Council to honor OG of Austin urbanism

Chris Riley championed radical ideas that have since gone mainstream.

Tomorrow at 1 p.m. City Council will approve naming a section of the Shoal Creek Trail in honor of former Council Member Chris Riley, who not only played a key role in supporting the development of that trail, but has been one of the most vocal champions of pedestrian and bike infrastructure in Austin.

“Chris Riley Bend" is a visually stunning segment of the trail between West Avenue and 5th Street that was completed a few years ago. The blend of city life and greenery is a fitting tribute to Riley, whose urbanism has always been rooted in a love for the environment.

The ordinance is sponsored by CM Ryan Alter (whose aide Ben Leffler once worked for Riley) and co-sponsored by Paige Ellis, Zo Qadri and Chito Vela.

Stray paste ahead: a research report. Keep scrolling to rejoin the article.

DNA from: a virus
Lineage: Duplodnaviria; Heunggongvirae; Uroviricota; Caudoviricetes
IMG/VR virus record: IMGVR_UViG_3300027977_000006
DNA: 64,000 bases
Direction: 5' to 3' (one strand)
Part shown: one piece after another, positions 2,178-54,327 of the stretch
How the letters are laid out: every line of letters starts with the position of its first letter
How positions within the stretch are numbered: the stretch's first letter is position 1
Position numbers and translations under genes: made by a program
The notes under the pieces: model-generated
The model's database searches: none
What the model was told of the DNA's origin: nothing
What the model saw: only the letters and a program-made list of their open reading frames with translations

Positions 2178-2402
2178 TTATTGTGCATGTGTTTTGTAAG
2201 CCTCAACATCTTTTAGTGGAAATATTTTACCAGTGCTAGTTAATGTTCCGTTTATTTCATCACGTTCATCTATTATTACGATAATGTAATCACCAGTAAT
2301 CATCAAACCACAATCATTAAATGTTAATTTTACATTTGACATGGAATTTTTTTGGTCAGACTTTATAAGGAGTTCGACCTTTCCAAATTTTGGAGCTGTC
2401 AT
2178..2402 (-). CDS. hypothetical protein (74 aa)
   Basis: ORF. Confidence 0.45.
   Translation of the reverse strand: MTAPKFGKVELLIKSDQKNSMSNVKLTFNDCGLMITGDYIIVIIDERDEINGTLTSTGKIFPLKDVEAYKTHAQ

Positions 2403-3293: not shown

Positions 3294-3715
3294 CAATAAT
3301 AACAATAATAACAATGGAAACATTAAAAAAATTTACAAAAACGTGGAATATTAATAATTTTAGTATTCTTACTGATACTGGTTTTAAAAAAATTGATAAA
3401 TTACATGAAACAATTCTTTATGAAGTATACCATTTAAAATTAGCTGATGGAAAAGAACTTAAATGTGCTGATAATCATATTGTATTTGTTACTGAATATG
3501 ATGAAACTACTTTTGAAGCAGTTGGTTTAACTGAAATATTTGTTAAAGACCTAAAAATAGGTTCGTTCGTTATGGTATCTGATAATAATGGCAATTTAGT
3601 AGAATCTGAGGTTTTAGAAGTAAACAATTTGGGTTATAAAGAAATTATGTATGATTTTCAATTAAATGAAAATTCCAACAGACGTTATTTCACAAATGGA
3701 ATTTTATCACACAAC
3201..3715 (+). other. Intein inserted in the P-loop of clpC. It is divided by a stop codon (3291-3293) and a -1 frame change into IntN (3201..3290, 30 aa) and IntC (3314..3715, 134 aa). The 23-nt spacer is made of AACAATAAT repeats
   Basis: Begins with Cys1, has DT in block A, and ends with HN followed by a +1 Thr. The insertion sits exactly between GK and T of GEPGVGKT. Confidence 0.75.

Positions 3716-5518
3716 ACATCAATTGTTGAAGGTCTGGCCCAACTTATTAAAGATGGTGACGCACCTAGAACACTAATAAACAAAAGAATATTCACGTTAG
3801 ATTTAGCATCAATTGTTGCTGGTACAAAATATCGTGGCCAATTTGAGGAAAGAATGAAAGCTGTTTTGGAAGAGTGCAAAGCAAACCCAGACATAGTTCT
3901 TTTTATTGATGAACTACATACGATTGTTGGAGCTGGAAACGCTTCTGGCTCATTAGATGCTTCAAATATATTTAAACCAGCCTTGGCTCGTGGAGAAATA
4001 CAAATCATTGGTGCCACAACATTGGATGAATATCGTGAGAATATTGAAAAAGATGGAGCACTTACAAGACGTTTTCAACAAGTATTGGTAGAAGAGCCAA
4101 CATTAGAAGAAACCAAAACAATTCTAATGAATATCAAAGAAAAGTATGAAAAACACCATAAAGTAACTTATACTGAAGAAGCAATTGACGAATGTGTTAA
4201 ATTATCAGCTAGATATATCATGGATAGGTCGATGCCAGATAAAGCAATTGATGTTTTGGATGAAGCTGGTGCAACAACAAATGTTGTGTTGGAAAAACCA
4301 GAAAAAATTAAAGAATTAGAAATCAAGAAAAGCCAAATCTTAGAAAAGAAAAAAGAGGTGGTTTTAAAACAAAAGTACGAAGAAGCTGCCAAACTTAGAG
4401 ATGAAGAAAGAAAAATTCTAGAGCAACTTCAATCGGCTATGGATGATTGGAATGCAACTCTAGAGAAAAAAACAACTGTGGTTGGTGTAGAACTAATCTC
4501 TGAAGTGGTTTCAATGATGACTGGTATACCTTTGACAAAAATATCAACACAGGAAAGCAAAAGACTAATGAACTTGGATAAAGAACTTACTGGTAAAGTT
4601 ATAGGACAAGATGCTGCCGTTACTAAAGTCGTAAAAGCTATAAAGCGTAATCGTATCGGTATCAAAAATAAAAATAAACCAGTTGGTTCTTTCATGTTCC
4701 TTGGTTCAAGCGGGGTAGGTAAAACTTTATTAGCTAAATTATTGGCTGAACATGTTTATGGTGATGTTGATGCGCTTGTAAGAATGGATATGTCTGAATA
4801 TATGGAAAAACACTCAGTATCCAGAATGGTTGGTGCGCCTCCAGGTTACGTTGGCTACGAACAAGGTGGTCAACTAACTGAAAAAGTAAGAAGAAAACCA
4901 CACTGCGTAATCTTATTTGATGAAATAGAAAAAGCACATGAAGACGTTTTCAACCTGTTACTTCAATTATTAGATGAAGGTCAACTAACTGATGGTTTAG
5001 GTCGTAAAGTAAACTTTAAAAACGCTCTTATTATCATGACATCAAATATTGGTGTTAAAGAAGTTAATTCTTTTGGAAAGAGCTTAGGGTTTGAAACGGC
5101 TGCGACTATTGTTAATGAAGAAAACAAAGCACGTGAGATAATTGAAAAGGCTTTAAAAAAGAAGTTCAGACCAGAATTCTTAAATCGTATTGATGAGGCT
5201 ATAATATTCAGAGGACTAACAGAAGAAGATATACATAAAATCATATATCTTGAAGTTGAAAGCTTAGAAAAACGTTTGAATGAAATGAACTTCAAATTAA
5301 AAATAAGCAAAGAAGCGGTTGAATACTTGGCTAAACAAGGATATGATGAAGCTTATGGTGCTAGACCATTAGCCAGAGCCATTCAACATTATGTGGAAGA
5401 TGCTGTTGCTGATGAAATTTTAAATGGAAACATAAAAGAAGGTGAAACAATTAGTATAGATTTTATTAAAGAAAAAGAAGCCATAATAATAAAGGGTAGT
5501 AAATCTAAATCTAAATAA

I happened to speak with Riley recently, hoping to gain insight into how politics in Austin has evolved since be first got involved in the 1990's. I'll revisit our full conversation at a later date, but the big theme is that it wasn't too long ago that Riley was a very lonely advocate for positions that have since become mainstream on the Council dais.

He recalled, for instance, giving a copy of Donald Shoup's The High Cost of Free Parking to all six of his colleagues on the at-large Council. It felt like an exercise in futility –– he couldn't even get the wonky, data-driven Bill Spelman on board for eliminating parking requirements for micro-units on transit corridors.

A little more than a decade later, and the City Council in Austin voted 9-2 to eliminate parking requirements entirely.

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